Morocco (film)

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Morocco
Morocco1930.jpg
Theatrical release poster
Directed by Josef von Sternberg
Produced by Hector Turnbull
Screenplay by Jules Furthman
Based on Amy Jolly
by Benno Vigny
Starring
Music by Karl Hagos
Cinematography Lee Garmes
Edited by Sam Winston (uncredited)
Production
company
Distributed by Paramount Pictures
Release date
  • November 14, 1930 (1930-11-14) (US)
Running time
91 minutes
Country United States
Language English, French, Spanish, Italian, Arabic

Morocco is a 1930 American Pre-Code romantic drama film directed by Josef von Sternberg and starring Gary Cooper, Marlene Dietrich, and Adolphe Menjou.[1] Based on the novel Amy Jolly by Benno Vigny and adapted by Jules Furthman, the film is about a cabaret singer and a Legionnaire who fall in love during the Rif War, but their relationship is complicated by his womanizing and the appearance of a rich man who is also in love with her. The film is most famous for the scene in which Dietrich performs a song dressed in a man's tailcoat and kisses another woman (to the embarrassment of the latter), both of which were rather scandalous for the period.[1]

The film was nominated for four Academy Awards in the categories of Best Actress in a Leading Role (Marlene Dietrich), Best Art Direction, Best Cinematography and Best Director (Josef von Sternberg).[1] In 1992, Morocco was selected for preservation in the United States National Film Registry by the Library of Congress as being "culturally, historically, or aesthetically significant".

Plot[edit]

In Morocco in the late 1920s, the French Foreign Legion is returning from a campaign. Among them is Légionnaire Private Tom Brown (Gary Cooper). Meanwhile, on a ship bound for Morocco is the disillusioned nightclub singer Amy Jolly (Marlene Dietrich). Wealthy La Bessière (Adolphe Menjou) attempts to make her acquaintance, offering to assist her on her first trip to Morocco. When she politely refuses any help, he gives her his calling card, which she later tears up and tosses away.

Amy Jolly (Marlene Dietrich): "The purveyor of pansexuality and the supreme lover, male or female."[2]

They meet again at the nightclub where she is a new headliner. Also in the audience is Private Tom Brown (Gary Cooper). Amy, who comes out in a tophat and tails, is first greeted by boos, which she coolly ignores. Tom begins to clap, interrupting their jeers, and others follow suit. After the noise subsides she sings her number ("Quand l'amour Meurt" or "When Love Dies") and is met with ecstatic applause. Seeing a woman in the audience with a flower in her hair, she asks if she may keep it, to which the woman responds "of course". She playfully kisses the woman on the mouth, and throws the flower to Private Tom Brown. Her second performance ("What am I bid for my Apple?"), this time in feminine dress, is also a hit. After the number she sells apples to the audience, including La Bessière and Tom Brown. When Amy gives the latter his "change", she slips him her key.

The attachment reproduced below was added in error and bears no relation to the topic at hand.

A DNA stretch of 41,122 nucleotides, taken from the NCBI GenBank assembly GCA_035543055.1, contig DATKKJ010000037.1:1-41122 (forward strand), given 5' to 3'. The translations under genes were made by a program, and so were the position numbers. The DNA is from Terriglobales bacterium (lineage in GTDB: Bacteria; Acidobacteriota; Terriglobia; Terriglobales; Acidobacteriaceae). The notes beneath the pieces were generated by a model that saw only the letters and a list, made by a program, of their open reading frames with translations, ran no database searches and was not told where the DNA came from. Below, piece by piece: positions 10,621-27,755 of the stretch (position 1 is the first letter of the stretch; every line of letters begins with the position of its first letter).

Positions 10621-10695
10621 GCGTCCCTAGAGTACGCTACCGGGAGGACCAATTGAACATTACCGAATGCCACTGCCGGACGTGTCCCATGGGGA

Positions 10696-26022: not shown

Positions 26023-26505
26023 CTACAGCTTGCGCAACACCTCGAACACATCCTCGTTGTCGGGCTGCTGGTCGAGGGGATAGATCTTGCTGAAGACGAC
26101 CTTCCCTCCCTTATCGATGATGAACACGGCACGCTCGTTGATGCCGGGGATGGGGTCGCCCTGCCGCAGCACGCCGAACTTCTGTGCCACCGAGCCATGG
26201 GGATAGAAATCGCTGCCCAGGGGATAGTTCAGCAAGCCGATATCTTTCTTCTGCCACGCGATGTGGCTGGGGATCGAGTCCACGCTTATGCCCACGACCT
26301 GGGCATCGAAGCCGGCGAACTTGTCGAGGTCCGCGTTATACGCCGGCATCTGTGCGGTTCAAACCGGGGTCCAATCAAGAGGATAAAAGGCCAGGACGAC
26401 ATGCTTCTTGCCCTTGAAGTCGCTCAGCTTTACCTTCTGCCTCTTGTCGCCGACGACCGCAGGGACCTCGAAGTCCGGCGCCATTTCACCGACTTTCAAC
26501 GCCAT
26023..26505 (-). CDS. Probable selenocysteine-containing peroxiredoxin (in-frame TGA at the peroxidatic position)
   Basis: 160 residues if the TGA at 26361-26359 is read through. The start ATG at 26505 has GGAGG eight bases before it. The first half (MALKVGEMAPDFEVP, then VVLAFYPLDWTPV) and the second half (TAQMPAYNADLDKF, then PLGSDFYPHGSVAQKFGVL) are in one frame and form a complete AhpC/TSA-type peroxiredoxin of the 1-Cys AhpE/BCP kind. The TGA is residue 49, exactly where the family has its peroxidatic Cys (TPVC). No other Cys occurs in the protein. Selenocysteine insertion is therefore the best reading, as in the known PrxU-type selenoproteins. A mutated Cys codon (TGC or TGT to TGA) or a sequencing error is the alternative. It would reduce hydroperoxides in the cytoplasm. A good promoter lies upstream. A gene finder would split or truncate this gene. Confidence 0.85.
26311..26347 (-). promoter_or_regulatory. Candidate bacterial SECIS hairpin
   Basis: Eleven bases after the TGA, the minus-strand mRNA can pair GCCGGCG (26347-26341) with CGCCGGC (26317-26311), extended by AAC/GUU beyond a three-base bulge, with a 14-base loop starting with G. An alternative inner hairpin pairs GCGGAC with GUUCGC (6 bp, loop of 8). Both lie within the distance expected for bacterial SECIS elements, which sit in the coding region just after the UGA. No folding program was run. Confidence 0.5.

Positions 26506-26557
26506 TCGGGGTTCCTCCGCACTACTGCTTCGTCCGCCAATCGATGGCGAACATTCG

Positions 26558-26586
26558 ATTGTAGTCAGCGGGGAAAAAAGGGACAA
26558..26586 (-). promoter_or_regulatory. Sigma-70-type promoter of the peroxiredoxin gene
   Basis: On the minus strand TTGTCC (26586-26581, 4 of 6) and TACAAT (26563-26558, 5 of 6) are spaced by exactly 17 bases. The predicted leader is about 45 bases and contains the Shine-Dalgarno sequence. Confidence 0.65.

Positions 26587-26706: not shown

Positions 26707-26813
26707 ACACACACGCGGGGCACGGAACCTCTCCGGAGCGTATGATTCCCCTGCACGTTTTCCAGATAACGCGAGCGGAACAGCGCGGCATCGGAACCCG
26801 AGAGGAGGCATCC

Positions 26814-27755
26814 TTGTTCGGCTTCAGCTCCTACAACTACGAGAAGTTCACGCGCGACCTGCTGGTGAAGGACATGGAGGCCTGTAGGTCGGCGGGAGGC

That night, Tom sets out to take Amy up on her offer. On the street he encounters Adjudant Caesar's wife (Eve Southern). It is clear that she has a past clandestine relationship with him, which she desires intensely to maintain, but Toms rejects her. Entering Amy's house, they become acquainted. Her house is plastered with photos from her past, which she, like a Foreign Legion soldier, reveals nothing of. He asks Amy if the man in the photographs is her husband, and she answers that she has never found someone good enough, a sentiment shared by Tom. She has become embittered with life and men after repeated betrayals, and asks if he can restore her faith in men. He answers that he is the wrong man for that, and that no one should have faith in him. As they talk, she finds herself coming to like him. Unwilling to risk heartbreak once again, she asks him to leave before anything serious happens. As he leaves, he encounters Caesar's wife again. Her husband, Tom's commanding officer, watches undetected from the shadows. Meanwhile, Amy changes her mind and seeks Tom out. With Amy in arm, Tom leaves Madame Caesar, who then hires two street ruffians to attack the couple. Tom manages to seriously wound both, while he and Amy escape unscathed.

The next day, Tom is brought before Adjutant Caesar (who had been watching them clandestinely) on the charge of injuring two allegedly harmless natives. Amy clears him, but Caesar makes him aware that he knows about Tom's involvement with his wife. La Bessière, whose affections for Amy continue unabated, knows her concern for Tom and offers to use his weight with Caesar to lighten his punishment. Instead of a court martial, Tom is released from detention and ordered to leave for Amalfi Pass with a detachment commanded by Caesar. He suspects that Caesar intends to rid himself of his romantic rival, and fears for his life were he to go. Amy is saddened by the news that he is leaving. Meanwhile, Tom, war-weary and enamored with Amy, plans to desert to be with her.